As a list junkie, I love setting goals. Writing down what I hope to accomplish so that I’m able to organize the craziness in my brain brings me a lot of joy. For whatever reason, when it comes to writing down my goals I can never remember what I wanted to do.
Part of this is my goals are always super vague. I want to do things like ‘work on my blog more’ or ‘hang out with my friends more’. While those are totally things I can try to accomplish, what do they really mean?
Maybe I’m just a terrible goal setter, and that’s okay, but I have to work hard to figure out goals and to-do lists. So hard in fact, I’ve created a system. A simple one (because I’m lazy) but a system all the same.
Procrastination is an old friend of mine. Sometimes, I’ll invite procrastination over for tea and he’ll stay for a week. If you can honestly tell me procrastination has never overstayed his welcome, then this post isn’t for you. I don’t think I have any advice that could help.
As much as I like to think I’m on the ball, it’s only within the last few months that I’ve been battling my procrastination habit. Let me tell you, it’s a hard habit to break. So don’t think of this list as me telling you I’m perfect and have all the answers (trust me, I’m far from perfect). Instead, think of it as a friend helping a friend with strategies for productivity.
Before tackling the big stuff, it’s important to answer three questions: why do you do it? When are you most productive? And what are you in the mood to do?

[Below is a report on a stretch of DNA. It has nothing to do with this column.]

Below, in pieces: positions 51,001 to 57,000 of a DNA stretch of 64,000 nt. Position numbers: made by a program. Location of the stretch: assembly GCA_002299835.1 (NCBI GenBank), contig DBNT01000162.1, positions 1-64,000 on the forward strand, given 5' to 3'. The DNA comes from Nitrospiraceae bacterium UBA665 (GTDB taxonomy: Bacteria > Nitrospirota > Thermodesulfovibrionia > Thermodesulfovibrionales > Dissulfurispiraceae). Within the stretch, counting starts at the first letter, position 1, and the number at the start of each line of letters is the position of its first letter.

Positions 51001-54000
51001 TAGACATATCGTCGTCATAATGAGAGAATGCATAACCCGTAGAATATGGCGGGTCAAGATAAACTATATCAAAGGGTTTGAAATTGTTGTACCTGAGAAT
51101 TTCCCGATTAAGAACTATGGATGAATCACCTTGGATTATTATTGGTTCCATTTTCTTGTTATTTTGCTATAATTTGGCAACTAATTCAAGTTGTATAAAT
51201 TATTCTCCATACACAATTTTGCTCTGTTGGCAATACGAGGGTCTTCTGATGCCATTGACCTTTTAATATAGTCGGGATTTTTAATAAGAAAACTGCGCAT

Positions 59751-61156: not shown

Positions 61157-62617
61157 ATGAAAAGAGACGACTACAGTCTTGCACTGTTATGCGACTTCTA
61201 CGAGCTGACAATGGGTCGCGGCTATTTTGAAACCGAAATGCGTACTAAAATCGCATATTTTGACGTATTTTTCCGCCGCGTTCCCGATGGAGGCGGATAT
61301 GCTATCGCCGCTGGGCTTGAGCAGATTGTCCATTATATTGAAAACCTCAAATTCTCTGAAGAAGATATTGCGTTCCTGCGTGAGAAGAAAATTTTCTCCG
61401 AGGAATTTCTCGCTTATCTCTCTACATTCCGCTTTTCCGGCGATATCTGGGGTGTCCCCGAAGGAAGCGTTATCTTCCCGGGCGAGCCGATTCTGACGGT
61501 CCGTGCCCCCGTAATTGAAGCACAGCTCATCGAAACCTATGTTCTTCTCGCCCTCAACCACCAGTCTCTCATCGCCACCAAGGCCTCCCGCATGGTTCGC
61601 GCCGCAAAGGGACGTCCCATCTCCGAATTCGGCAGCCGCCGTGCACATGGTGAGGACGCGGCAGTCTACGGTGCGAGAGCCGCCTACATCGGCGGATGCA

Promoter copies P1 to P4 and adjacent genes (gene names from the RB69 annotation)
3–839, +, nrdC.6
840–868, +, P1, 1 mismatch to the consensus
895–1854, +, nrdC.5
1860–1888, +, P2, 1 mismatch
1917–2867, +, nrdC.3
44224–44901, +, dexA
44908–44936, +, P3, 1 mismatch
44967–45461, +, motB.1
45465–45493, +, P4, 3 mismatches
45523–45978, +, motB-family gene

From there, figuring out how to tackle procrastination and boost your productivity is a piece of cake.
I’m a firm believer in studying before you have to. If the only time you crack open a book is finals week, then your grades are likely to reflect that. Just like anything else, in order to get good grades you have to practice. You wouldn’t expect to impress Gordon Ramsay if you’ve never even stepped foot in a kitchen before, so why do you expect to get good grades if you don’t go to classes?
Below are some killer study tips to carry you through the whole semester, not just to help you coast through the last week.
Having a roommate can be both the most amazing experience, and a really tough one. For some people, getting a roommate in university leads to what is essentially an assigned best friend. In order for any roommate situation to work, there needs to be a lot of open communication.
I know some people who’ve grown incredibly close to their roommates and that’s great! For others, (like myself) a lack of communication can lead to simply co-existing with your roommate. You want to at least be on good chatting terms with the person who can watch you sleep.
So, if you’re getting a new roommate this fall (or just need to check in with some old ones!) I have a comprehensive list of questions you should ask your roommate to get to know each other.